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Thug Life: Norway Striving to Avoid Emergence of Ghettos, Unlike Sweden

© AFP 2021 / JONATHAN NACKSTRANDA refugee looks through a window at the arrival centre for refugees near the town on Kirkenes in northern Norway
A refugee looks through a window at the arrival centre for refugees near the town on Kirkenes in northern Norway - Sputnik International
Norway's integration minister has called for tighter immigration policies in an attempt to prevent the country from becoming like ghetto-plagued Sweden.

Integration Minister Sylvi Listhaug of the conservative-liberal Progress Party (Fremskrittspartiet) used Sweden as an example of how not to handle migrants when speaking about the recent terror attacks in Europe. She went on to present a package of asylum reforms for the Norwegian parliament to discuss, which include tighter rules for family reunification, as well as higher support requirements for immigrants.

"Many of those who have carried out terror attacks in Europe were born and bred in France and Belgium. It shows how important it is to succeed with integration, which is once again to how many come to Norway. Therefore, a tighter immigration policy is important," Listhaug said, as quoted by the Norwegian newspaper Dagbladet.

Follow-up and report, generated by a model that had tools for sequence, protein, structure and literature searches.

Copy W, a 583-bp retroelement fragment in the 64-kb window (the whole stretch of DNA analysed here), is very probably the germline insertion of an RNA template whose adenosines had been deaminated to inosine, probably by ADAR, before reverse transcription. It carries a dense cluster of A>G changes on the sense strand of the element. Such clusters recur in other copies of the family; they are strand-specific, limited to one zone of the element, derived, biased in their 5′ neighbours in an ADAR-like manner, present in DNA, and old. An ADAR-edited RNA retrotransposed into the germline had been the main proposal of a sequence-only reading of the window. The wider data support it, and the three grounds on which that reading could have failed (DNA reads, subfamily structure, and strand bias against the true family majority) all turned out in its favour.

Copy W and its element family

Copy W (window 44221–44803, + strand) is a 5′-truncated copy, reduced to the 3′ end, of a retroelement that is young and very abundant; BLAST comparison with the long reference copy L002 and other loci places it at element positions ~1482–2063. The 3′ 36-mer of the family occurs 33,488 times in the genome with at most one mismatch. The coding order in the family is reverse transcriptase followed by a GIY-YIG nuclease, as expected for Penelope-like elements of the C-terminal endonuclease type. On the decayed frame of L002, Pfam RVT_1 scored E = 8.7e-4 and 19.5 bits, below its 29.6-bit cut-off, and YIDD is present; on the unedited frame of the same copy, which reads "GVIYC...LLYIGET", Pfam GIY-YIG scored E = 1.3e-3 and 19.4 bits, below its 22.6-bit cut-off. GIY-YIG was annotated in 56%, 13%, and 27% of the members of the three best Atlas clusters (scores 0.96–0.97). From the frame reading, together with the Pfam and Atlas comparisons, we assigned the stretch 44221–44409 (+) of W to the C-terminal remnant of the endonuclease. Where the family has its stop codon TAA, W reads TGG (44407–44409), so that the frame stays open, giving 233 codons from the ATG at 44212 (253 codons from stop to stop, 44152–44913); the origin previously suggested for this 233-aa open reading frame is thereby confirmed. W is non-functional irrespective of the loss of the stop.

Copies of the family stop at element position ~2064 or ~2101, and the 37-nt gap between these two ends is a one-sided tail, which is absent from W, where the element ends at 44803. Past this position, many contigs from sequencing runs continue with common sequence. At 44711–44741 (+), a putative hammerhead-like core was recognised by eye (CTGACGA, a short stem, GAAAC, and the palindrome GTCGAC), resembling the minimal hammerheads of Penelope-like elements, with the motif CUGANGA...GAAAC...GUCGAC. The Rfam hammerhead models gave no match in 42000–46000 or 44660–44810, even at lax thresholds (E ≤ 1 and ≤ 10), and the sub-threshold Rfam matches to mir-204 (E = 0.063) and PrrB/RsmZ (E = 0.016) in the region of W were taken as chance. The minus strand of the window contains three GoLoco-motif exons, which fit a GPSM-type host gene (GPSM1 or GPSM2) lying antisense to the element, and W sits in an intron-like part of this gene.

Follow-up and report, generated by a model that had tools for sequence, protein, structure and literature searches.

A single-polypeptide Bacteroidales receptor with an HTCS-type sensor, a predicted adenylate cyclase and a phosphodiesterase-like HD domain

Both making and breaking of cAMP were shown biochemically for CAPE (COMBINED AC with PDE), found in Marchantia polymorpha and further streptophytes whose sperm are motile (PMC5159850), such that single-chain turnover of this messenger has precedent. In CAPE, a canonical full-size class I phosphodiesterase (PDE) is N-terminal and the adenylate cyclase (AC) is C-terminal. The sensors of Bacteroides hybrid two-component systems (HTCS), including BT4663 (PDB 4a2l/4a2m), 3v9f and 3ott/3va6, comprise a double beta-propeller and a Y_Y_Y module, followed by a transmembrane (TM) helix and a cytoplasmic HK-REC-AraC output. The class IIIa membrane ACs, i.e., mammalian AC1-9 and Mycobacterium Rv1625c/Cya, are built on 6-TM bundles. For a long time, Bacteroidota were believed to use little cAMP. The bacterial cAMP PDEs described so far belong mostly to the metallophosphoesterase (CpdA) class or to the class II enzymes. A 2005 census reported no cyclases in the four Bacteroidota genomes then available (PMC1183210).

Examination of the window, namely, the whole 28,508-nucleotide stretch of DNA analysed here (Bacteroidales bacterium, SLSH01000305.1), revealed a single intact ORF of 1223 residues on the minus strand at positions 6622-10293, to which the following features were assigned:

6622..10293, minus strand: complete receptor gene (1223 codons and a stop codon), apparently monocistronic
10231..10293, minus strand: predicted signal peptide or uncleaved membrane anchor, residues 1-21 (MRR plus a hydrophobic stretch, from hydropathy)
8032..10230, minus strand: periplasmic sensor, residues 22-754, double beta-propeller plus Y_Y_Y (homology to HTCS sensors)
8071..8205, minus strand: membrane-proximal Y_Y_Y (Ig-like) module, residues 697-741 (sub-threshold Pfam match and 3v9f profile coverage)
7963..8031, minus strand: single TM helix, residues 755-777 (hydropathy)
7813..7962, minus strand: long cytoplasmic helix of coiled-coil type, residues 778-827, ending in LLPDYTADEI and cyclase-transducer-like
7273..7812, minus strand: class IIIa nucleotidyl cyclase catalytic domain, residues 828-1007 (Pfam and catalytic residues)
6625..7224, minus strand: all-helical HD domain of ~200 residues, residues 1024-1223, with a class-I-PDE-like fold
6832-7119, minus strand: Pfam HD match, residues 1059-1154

Recently, Norway launched a debate on so-called ‘parallel societies' and ethnic neighborhoods where even the police don't dare to tread, a problem which drew even more attention in the aftermath of the Brussels attacks. Listhaug acknowledged that the problem exists.

"We have foreign fighters who have left Norway, as well as radical environments. We should not stick our heads in the sand and say that everything is alright. Fortunately, we are a still long way from what we see in some other countries, for example Sweden," she told the Norwegian News Agency NTB.

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According to Listhaug, the major reason why Norway does not have the same ghetto problems as its Nordic neighbor is that asylum seekers in Norway cannot decide for themselves where they should and should not live.

Earlier this month, Daesh terrorist Mohamed Belkaid, who for years lived in Sweden and was later shot dead just days before the terrorist attack in Brussels, was pointed to as a "commander" of the terrorist cell that carried out the terrorist attacks in both Brussels and Paris.

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According to Sweden's Security Police SÄPO, approximately 300 Swedes are believed to have travelled to Syria or Iraq to fight in the past three years, and a large number of cases haven't surfaced yet. Around 40 are believed to have died in combat, whereas around 125 supposedly remain in the Middle East.

Despite the measures being taken, Sweden is still struggling to cope with the record high 163,000 asylum requests it received last year, and experiencing increasingly violent clashes between various ethnic communities in troubled suburbs in its big cities, such as Stockholm, Gothenburg and particularly Malmö, where the share of inhabitants from a non-Swedish background rose above 50 percent as early as 2014. First and second-generation immigrants tend to settle down in uneasy enclaves where ethnic Swedes rarely live. Particularly notorious enclaves, such as Stockholm's Rinkeby or Malmö's Rosengård, are known to function as a breeding ground for violent ethnic crime and extremism.

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